The last of the Christmas sweets and chocolates are slowly disappearing: the ones no-one really liked, or the ones that got pushed to the back of the cupboard and make a surprise appearance when you think you’re down to a choice between Rich Tea or confectionery of some dubious foreign pedigree.
In one surprise box, there were little sticks of chocolate in one compartment that had chips of mint in them.Making a grab before the last of them disappeared, I said, ‘these are like Matchmakers, or whatever they’re called’.
‘Ian’, said the best beloved, ‘I don’t think Matchmakers have been around for years’.
I felt kind of sad that something else I had liked had disappeared and I had not even noticed.
A friend of mine won’t visit the ‘Friends Reunited’ website because she says it makes her gloomy.The times that had been enjoyed had disappeared and could not be recaptured.
The sense of loss, the sense of the familiar disappearing is an inevitable part of existence.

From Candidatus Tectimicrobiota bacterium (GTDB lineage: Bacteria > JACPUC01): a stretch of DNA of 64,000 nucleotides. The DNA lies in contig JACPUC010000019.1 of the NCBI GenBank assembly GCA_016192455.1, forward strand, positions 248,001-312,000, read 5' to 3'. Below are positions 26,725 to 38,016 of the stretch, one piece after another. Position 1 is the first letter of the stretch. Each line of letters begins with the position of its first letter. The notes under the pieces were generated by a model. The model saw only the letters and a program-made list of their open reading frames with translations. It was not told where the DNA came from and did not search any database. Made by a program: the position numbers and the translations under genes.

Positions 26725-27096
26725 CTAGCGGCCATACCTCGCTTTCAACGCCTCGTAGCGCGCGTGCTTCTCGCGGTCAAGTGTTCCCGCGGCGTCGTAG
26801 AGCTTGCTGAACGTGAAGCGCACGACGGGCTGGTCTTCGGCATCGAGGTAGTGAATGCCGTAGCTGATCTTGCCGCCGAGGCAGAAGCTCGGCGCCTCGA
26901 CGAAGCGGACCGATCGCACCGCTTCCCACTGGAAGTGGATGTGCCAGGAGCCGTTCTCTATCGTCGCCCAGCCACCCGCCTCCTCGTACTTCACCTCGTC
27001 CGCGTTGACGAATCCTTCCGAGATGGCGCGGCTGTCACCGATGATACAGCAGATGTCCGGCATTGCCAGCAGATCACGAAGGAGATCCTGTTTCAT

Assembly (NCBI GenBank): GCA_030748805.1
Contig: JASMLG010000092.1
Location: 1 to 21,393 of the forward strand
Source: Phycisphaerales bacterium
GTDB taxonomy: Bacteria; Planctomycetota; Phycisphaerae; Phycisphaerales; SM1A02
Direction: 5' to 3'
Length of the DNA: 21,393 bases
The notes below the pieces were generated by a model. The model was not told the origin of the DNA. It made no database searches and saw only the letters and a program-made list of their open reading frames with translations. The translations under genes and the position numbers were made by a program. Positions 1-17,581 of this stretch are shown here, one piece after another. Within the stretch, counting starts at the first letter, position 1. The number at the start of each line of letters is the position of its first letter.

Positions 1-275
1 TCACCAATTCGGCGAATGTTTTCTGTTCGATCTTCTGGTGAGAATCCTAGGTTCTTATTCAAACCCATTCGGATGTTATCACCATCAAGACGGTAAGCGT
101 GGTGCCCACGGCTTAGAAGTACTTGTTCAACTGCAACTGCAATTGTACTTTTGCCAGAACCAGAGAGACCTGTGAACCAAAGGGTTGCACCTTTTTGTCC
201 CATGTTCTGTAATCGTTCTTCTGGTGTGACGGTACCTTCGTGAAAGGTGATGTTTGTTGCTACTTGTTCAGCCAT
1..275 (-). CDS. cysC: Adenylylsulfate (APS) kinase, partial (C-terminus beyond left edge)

There is a Tom Stoppard line about life having a brownness around the edges, an autumnal quality, which for me captures the quality of such feelings.
A Presbyterian minister in the North, who is a very close friend, once told me that our parents were our last line of defence against the inevitability of our own fading away.
Perhaps I’ve escaped the sense of brownness longer than most; my grandmother celebrates her 93rd birthday this week, but perhaps the brownness is also a matter of attitude.I knew a wonderful lady who was given a new greenhouse for her 92nd birthday, ‘Mr Poulton,’ she said,’I don’t know what I’ll do when I get old’.Her world had turned repeatedly between her birth in 1903 and her death at a young 95 in 1998, yet for her it was full of freshness and vitality.
Perhaps the answer is not to bemoan the loss of Matchmakers but to delight at the invention of something as indulgent as a bucket of Celebrations.